If you are bugging in during the winter, make sure you have a way to keep your bugging-in location warm. A wood-burning stove (outdoors one) is a good option, but you’ll need to make sure you have enough wood to last for at least a month.
Finally, it’s a good idea to have a battery-operated radio so you can stay up-to-date on the latest news and weather reports.
Insulate Your Bug In Location
Once you have a heat source and lights, the next step in keeping your shelter warm will be to insulate it.
One way to insulate your bugging-in location is to use Reflectix. This material is designed to reflect heat, and it can be taped or stapled to walls and ceilings.
Use blankets and/or towels to seal the cracks underneath your doors and drape them over windows. Finally, make sure that everyone in your home has heavy blankets or a warm sleeping bag at night.
Have a Way to Deal with Human Waste
If you’re bugging in for an extended period of time, you’ll need to find a way to deal with human waste.
- Composting toilet: One option is to use a composting toilet. These toilets don’t require water or electricity, and they can turn human waste into compost that can be used to fertilize plants.
- Bucket toilet: Another option is to use a bucket toilet. This involves using a bucket as a toilet and then dumping the waste in a designated area away from your bugging-in location.
- Latrine: Finally, you can also build an outdoor latrine. This is essentially a hole in the ground that is covered with a sheet of plywood.
Secure Your Location
If there is a prolonged disaster, you will inevitably be subject to looters. As such, it’s important to secure your bugging-in location as much as possible.
- Fortification: One way to do this is to build a fortification. This can be something as simple as boarding up your windows and doors with plywood.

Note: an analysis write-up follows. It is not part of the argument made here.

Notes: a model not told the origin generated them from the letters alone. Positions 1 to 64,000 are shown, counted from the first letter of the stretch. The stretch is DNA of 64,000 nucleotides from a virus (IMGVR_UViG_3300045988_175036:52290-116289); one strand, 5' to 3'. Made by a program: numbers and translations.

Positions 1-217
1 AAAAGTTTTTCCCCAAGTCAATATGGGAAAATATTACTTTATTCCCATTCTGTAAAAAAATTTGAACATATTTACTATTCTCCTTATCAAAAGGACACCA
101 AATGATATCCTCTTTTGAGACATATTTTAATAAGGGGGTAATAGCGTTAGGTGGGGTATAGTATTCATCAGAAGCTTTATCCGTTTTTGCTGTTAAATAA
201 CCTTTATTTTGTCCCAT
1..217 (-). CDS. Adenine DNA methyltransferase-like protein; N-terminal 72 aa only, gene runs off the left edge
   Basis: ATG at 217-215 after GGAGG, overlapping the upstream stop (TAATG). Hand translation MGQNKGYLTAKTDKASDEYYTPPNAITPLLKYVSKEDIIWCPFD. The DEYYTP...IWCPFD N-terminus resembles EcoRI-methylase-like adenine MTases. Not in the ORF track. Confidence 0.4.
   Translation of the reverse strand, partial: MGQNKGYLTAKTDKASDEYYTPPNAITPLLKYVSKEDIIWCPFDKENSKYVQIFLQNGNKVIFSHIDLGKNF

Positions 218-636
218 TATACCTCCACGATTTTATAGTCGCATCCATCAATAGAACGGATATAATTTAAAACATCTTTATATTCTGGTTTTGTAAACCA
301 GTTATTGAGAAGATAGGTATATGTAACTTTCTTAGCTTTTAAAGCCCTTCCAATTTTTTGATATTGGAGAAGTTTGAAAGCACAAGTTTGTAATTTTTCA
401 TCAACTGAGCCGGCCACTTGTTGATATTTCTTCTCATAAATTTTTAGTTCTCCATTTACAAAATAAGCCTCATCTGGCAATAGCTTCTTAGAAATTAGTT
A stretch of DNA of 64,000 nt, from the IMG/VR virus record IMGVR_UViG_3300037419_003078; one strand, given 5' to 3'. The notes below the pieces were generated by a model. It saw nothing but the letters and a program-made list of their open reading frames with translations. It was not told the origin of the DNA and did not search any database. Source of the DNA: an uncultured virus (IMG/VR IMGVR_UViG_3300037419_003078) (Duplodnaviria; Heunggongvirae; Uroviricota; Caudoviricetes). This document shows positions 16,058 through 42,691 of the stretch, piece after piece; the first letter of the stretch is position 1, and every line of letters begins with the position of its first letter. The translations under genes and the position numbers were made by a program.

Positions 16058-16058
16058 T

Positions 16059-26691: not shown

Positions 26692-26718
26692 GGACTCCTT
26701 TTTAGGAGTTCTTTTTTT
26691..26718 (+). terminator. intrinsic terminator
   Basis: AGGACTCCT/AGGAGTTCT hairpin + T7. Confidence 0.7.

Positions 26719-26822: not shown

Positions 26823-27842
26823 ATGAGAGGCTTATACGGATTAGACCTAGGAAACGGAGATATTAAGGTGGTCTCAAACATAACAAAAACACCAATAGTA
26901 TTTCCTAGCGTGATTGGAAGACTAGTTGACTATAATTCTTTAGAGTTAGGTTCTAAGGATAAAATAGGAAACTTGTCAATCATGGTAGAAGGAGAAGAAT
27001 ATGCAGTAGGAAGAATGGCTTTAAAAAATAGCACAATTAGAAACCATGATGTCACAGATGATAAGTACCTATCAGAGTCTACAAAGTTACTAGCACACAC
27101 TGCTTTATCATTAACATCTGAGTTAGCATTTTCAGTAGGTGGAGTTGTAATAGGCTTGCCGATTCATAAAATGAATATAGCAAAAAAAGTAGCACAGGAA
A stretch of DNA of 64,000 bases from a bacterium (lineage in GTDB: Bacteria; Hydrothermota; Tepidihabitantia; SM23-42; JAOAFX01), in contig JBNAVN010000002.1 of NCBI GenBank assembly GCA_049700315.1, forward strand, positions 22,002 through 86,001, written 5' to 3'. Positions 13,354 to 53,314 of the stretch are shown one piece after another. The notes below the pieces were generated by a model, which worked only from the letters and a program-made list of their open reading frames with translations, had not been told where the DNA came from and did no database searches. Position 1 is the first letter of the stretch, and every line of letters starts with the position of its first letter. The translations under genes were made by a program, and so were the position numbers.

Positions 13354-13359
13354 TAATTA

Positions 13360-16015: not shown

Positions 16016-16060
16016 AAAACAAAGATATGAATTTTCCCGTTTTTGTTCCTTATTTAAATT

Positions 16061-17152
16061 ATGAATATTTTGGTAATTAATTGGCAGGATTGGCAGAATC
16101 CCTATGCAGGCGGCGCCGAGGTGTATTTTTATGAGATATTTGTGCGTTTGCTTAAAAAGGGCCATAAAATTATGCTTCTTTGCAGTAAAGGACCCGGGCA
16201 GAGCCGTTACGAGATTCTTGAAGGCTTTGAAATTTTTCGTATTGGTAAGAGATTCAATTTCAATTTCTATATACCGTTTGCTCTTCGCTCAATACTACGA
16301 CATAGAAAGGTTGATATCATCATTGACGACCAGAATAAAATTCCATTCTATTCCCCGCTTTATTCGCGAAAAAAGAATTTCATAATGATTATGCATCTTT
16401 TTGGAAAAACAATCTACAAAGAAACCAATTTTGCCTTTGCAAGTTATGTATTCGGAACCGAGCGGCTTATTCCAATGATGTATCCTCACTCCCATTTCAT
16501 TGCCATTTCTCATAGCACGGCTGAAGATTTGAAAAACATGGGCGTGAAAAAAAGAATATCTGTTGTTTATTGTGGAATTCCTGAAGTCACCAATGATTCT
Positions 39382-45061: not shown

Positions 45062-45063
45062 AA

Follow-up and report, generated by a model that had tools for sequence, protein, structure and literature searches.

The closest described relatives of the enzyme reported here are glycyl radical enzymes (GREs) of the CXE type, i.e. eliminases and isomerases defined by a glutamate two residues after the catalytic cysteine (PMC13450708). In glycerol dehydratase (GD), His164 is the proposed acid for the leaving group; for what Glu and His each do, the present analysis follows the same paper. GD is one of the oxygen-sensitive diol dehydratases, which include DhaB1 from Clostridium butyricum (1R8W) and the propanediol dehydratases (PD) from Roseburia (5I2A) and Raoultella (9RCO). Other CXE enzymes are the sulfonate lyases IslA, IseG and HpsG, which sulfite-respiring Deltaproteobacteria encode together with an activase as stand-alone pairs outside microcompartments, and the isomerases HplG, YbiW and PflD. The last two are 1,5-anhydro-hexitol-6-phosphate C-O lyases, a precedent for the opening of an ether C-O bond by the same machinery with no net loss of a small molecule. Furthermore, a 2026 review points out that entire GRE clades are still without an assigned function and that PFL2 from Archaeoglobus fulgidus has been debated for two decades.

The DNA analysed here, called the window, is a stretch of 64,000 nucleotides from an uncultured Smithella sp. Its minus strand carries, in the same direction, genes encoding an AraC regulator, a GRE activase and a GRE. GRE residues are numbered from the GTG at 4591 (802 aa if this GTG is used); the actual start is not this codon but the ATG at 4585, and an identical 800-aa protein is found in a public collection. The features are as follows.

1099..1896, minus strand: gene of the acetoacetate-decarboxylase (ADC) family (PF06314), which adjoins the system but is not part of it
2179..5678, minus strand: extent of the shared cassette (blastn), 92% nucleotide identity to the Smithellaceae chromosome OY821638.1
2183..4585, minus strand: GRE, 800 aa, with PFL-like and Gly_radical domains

- Security equipment: Another option is to install security cameras and/or motion sensor lights around your property. This will deter looters, as they will not want to be caught on camera.
- Alarm: Finally, you should also have a security system in places such as an alarm system or a barking dog.
Read my post: How to Prepare Your House Against Looters for more information.
Add Fitness Activities and Games to Your Location
If you’re bugging in with family, it’s important to keep everyone entertained. This will help to prevent boredom and cabin fever.
One way to do this is to add fitness activities to your bugging-in location. This can be something as simple as setting up a makeshift gym in your garage or backyard.
Another option is to bring out board games or puzzles. This will help to pass the time and keep everyone’s mind active.
Finally, you can also use this time to teach your children (or yourself) new skills such as gardening or hunting.
When Should I Bug Out?
There are certain situations where bugging in is not the best option.
If your bugging-in location is in an area that is prone to flooding or wildfires, bugging out may be a better option.
In addition, if your bugging-in location is in an urban area, bugging out may also be a better option. This is because urban areas are more likely to experience crime and riots during a disaster.
Finally, if you don’t feel safe bugging in, bugging out may also be the best option. No matter what, it’s important to have a plan in place so you can bug in or bug out depending on the situation.
Bugging in is a great option for those who want to be prepared for a disaster. By following the tips above, you can make sure that your bugging-in location is as safe and comfortable as possible.
Do you have any other tips for bugging in? Let me know in the comments below! May God Bless this world, Linda
Copyright Images: Two Story Row House AdobeStock_241421344 by PT Hamilton